The fair market value an appraiser assigns to a particular property, based on analysis of the property in question, and the market conditions in the area, and recent sales data of comparable homes in the area.
A mortgage securing a loan made by private investors without governmental participation (not F.H.A. insured or V.A. guaranteed).
The fee charged by a lender to prepare loan documents, make credit checks, inspect and sometimes appraise a property; usually computed as a percentage of the face value of the loan. Origination fees are paid by the lender or included in the loan as part of the closing costs. Lender's can also charge an origination fee to the borrower, when funding the mortgage with a table lending mortgage broker. Origination fees are considered tax deductible points.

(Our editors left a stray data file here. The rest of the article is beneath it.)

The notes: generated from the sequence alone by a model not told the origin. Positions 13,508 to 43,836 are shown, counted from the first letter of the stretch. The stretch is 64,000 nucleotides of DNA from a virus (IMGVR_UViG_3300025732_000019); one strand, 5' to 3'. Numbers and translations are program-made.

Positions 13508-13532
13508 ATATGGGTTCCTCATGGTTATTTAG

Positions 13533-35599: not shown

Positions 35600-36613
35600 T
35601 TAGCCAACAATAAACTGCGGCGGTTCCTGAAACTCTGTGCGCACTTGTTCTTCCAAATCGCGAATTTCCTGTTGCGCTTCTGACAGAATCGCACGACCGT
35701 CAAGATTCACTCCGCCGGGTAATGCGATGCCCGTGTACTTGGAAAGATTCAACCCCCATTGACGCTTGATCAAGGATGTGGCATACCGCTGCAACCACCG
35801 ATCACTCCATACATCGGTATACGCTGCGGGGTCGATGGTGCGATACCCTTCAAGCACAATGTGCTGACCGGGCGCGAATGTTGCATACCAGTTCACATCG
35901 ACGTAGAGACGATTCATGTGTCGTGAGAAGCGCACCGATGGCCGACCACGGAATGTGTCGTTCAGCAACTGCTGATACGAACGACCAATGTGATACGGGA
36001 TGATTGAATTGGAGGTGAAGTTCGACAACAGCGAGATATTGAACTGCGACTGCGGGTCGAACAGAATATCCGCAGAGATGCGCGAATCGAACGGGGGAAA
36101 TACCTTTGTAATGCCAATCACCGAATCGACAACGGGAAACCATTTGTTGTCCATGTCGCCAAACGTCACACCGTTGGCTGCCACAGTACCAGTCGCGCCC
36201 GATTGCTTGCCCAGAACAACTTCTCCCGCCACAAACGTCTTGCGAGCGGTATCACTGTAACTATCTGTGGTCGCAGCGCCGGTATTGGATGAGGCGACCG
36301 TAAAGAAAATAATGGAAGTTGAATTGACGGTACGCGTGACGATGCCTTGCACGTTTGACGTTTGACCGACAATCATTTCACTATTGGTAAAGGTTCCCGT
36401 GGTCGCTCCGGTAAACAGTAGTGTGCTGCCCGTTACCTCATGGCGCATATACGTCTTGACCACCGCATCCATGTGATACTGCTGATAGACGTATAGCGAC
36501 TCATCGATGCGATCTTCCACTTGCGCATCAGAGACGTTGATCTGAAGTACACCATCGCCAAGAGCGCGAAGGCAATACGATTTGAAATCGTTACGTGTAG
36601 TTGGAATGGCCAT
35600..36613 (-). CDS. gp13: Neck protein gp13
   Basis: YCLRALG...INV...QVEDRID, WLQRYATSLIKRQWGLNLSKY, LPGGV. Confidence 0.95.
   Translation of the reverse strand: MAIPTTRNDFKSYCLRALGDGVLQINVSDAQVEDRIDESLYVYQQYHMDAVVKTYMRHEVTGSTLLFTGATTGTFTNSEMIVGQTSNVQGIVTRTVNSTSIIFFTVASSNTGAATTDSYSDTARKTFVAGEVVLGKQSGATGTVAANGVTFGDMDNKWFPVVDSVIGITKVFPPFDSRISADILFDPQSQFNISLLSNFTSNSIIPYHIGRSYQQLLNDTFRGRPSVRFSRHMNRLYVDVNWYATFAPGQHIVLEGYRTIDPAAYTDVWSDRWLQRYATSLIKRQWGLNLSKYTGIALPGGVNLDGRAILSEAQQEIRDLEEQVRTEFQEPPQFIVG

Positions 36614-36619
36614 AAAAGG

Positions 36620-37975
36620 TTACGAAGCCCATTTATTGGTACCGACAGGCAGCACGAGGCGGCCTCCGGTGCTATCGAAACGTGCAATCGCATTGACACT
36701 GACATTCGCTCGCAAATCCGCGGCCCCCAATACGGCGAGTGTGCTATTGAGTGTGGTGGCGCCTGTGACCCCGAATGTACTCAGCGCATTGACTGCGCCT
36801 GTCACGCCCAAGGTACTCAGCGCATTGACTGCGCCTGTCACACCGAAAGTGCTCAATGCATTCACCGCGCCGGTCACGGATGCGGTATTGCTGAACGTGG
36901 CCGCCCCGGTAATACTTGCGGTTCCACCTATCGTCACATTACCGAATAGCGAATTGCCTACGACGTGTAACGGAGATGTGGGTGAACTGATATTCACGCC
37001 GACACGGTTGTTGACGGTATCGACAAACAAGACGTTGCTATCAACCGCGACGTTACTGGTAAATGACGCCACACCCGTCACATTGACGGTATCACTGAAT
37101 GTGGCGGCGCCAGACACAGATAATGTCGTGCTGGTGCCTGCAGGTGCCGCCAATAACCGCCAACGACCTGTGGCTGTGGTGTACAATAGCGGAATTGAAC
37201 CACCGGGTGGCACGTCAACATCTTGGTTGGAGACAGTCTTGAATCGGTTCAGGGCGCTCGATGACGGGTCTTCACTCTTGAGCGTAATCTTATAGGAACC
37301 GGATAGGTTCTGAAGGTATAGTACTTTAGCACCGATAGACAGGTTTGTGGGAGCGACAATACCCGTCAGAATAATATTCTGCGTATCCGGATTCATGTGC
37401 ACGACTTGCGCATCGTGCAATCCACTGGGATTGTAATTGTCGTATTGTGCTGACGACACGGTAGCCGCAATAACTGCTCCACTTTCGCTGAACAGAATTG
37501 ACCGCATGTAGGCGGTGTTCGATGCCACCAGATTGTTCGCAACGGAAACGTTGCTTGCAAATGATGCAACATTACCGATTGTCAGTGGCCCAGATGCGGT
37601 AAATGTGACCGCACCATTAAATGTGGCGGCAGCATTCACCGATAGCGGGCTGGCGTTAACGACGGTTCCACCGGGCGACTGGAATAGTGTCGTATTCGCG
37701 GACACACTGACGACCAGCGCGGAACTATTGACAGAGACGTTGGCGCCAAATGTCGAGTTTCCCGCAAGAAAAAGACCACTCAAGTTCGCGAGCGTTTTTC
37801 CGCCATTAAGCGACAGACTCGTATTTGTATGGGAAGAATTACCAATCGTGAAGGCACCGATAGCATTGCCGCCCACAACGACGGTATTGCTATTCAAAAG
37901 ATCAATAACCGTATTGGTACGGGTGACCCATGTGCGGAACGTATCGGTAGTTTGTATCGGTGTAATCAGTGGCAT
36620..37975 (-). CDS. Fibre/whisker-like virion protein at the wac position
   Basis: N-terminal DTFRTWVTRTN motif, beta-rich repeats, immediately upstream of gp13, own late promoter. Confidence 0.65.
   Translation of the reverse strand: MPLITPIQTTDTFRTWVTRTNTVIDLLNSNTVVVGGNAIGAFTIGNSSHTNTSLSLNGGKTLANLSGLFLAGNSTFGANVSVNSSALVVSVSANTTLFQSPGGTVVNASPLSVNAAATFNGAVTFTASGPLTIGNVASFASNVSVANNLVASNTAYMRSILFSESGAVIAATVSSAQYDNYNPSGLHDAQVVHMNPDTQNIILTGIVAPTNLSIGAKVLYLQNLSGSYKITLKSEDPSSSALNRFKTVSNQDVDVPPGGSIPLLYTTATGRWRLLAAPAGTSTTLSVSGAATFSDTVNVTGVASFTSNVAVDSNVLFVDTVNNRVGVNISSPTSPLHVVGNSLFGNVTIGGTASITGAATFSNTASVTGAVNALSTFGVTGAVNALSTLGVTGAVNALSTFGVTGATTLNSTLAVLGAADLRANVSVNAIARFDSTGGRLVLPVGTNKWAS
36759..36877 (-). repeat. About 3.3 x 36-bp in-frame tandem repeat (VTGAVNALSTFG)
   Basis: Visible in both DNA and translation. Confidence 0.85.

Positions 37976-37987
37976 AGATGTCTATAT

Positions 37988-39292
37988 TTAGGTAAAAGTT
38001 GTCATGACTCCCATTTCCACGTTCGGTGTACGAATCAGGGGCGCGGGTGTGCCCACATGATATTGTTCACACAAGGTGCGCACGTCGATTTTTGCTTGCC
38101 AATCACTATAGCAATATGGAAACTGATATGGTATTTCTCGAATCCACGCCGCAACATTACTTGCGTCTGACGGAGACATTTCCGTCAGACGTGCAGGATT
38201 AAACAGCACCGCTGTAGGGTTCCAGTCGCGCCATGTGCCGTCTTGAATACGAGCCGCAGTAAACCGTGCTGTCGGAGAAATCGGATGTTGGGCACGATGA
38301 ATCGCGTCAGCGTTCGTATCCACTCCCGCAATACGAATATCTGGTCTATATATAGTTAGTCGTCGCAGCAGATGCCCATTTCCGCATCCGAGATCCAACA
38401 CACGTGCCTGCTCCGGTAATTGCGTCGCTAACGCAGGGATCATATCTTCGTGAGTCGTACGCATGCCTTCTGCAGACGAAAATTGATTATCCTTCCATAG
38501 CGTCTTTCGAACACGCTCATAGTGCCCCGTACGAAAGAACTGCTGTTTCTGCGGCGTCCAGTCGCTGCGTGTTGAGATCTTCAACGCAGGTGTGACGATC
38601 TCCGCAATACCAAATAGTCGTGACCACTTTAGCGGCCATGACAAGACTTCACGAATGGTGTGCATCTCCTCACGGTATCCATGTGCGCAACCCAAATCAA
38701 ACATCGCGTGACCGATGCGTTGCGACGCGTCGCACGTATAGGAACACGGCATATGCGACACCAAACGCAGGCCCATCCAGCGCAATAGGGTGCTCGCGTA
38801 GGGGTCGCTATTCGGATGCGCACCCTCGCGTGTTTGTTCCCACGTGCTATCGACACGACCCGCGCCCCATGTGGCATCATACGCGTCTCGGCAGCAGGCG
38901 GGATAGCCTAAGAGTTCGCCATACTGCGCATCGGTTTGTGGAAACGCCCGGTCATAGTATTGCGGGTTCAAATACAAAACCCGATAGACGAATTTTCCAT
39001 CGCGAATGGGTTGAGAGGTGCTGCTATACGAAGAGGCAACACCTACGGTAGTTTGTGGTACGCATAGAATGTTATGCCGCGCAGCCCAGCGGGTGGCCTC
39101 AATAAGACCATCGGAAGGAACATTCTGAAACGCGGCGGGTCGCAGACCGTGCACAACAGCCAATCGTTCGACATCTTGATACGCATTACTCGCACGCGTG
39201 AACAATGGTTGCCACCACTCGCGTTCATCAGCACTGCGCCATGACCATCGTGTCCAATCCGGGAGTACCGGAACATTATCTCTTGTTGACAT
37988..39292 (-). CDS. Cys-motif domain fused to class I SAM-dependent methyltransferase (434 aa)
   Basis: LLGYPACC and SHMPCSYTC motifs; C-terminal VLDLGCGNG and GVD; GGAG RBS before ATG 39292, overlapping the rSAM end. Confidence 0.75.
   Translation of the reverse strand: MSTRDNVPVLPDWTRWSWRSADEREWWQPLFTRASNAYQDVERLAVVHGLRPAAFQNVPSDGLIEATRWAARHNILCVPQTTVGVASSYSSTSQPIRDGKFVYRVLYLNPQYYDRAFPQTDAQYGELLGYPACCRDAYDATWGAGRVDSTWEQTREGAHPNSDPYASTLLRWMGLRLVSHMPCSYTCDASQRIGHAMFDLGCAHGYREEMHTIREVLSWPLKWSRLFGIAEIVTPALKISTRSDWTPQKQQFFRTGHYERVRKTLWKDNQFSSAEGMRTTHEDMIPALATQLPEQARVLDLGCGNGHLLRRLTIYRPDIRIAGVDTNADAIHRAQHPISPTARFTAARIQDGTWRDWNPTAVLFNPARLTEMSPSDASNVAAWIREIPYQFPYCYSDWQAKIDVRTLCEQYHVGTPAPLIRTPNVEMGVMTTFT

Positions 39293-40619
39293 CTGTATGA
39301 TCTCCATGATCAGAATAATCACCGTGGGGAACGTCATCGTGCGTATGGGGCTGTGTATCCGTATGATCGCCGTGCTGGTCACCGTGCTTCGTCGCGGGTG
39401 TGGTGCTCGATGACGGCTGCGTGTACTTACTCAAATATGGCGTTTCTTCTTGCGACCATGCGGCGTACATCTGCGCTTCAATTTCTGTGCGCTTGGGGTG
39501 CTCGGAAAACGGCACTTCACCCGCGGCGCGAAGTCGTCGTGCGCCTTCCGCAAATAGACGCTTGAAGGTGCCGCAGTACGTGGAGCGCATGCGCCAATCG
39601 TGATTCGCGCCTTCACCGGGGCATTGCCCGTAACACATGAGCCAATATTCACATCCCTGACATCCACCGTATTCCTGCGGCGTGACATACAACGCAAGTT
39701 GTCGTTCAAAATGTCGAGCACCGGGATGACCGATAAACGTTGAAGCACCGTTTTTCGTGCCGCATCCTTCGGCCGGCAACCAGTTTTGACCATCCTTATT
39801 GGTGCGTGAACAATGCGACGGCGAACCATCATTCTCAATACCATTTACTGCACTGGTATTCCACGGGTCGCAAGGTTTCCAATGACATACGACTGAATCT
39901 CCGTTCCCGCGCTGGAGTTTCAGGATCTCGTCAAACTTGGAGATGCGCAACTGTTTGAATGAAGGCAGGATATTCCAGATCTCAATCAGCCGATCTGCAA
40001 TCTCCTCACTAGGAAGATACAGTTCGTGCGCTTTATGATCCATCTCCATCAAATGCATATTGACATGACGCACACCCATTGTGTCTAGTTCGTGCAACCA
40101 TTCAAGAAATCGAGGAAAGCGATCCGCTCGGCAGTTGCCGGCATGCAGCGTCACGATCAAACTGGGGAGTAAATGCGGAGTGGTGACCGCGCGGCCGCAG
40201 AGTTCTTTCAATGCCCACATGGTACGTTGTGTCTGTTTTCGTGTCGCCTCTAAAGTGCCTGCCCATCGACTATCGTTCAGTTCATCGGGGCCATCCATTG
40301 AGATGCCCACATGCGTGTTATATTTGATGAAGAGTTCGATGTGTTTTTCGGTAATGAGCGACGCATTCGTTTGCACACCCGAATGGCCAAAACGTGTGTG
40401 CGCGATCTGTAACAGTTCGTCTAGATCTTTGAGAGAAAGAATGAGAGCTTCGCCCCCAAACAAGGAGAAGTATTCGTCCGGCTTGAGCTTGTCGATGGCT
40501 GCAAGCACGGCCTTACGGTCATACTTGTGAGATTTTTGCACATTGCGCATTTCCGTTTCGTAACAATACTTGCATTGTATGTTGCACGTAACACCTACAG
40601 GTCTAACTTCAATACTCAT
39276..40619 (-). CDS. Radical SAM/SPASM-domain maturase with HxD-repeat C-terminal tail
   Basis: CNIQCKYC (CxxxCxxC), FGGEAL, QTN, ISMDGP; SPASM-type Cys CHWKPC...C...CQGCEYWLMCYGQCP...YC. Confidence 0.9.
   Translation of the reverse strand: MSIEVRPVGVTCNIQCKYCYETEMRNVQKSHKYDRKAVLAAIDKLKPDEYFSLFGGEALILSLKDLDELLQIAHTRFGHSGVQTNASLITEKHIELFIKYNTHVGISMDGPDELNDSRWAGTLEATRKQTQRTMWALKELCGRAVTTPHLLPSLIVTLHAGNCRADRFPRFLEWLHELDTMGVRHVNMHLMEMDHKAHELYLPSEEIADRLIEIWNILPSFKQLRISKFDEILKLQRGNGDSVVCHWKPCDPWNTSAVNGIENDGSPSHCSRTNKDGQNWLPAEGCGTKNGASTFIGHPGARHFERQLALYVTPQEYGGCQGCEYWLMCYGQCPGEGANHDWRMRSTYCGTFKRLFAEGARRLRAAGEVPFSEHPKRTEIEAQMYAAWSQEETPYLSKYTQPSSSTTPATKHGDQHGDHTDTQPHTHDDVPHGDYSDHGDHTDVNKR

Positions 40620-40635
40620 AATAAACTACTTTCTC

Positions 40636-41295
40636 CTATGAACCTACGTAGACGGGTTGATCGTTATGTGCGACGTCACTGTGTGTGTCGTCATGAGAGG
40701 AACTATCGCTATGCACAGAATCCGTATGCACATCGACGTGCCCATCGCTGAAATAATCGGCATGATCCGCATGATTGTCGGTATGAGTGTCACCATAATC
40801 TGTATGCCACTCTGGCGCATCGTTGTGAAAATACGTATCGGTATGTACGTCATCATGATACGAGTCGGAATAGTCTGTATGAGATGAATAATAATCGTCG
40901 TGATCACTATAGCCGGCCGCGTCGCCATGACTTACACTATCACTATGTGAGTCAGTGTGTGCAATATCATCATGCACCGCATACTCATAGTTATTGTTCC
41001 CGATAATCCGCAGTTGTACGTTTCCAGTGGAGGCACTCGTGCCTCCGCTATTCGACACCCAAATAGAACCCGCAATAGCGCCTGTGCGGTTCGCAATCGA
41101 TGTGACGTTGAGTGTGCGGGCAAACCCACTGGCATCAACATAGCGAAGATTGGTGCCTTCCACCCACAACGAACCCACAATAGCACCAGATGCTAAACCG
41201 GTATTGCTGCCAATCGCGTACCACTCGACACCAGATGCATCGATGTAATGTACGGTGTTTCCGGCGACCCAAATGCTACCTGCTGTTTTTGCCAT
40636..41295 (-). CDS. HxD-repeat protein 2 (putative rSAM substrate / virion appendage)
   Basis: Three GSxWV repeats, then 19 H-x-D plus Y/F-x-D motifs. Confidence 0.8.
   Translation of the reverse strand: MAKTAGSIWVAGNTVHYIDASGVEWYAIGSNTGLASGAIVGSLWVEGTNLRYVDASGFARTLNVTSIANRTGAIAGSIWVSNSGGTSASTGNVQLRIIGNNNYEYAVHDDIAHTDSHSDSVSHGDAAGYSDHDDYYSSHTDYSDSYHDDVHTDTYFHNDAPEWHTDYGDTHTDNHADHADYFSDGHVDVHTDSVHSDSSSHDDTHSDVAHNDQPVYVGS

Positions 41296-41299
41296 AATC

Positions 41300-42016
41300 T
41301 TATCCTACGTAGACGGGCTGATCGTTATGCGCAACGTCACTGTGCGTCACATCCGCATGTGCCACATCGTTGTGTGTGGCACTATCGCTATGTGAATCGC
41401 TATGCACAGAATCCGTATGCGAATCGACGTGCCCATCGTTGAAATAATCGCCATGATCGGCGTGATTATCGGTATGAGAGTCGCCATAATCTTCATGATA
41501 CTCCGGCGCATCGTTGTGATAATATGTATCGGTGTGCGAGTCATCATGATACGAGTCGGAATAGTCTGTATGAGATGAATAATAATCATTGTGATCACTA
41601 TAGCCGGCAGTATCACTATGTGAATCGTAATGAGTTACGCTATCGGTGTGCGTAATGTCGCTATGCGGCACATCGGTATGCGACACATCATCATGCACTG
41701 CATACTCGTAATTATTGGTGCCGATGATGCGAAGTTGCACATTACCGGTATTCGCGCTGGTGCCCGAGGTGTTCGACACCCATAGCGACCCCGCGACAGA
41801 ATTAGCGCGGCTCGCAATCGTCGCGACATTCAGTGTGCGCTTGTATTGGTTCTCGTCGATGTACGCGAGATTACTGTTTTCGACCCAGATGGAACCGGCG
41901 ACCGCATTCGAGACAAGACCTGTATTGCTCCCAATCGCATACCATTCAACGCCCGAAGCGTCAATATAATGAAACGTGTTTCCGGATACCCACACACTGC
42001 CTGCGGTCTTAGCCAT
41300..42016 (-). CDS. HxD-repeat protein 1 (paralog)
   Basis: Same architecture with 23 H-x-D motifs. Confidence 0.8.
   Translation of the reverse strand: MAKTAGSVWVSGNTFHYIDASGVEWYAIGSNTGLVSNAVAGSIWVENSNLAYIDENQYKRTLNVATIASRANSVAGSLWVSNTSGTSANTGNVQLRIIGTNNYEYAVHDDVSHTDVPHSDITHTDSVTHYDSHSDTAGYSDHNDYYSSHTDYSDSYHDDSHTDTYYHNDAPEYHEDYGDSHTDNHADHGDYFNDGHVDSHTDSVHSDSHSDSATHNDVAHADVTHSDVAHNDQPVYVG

Points are also called discount points, mortgage points, loan discount points, loan origination fees, or maximum loan charges. Points are prepaid interest assessed at closing by the lender and or the broker. A point is equal to 1 percent of the loan amount. Lenders consider mortgage points as interest that you pay in advance. As a result, the more points you pay when you close the loan, the lower your interest rate. The IRS considers points to be a form of prepaid interest. Discount fees are totally tax deductible for the year the loan is closed for tax purposes, while origination points are tax deductible over two years (half for the year the loan is closed, and half in the year following).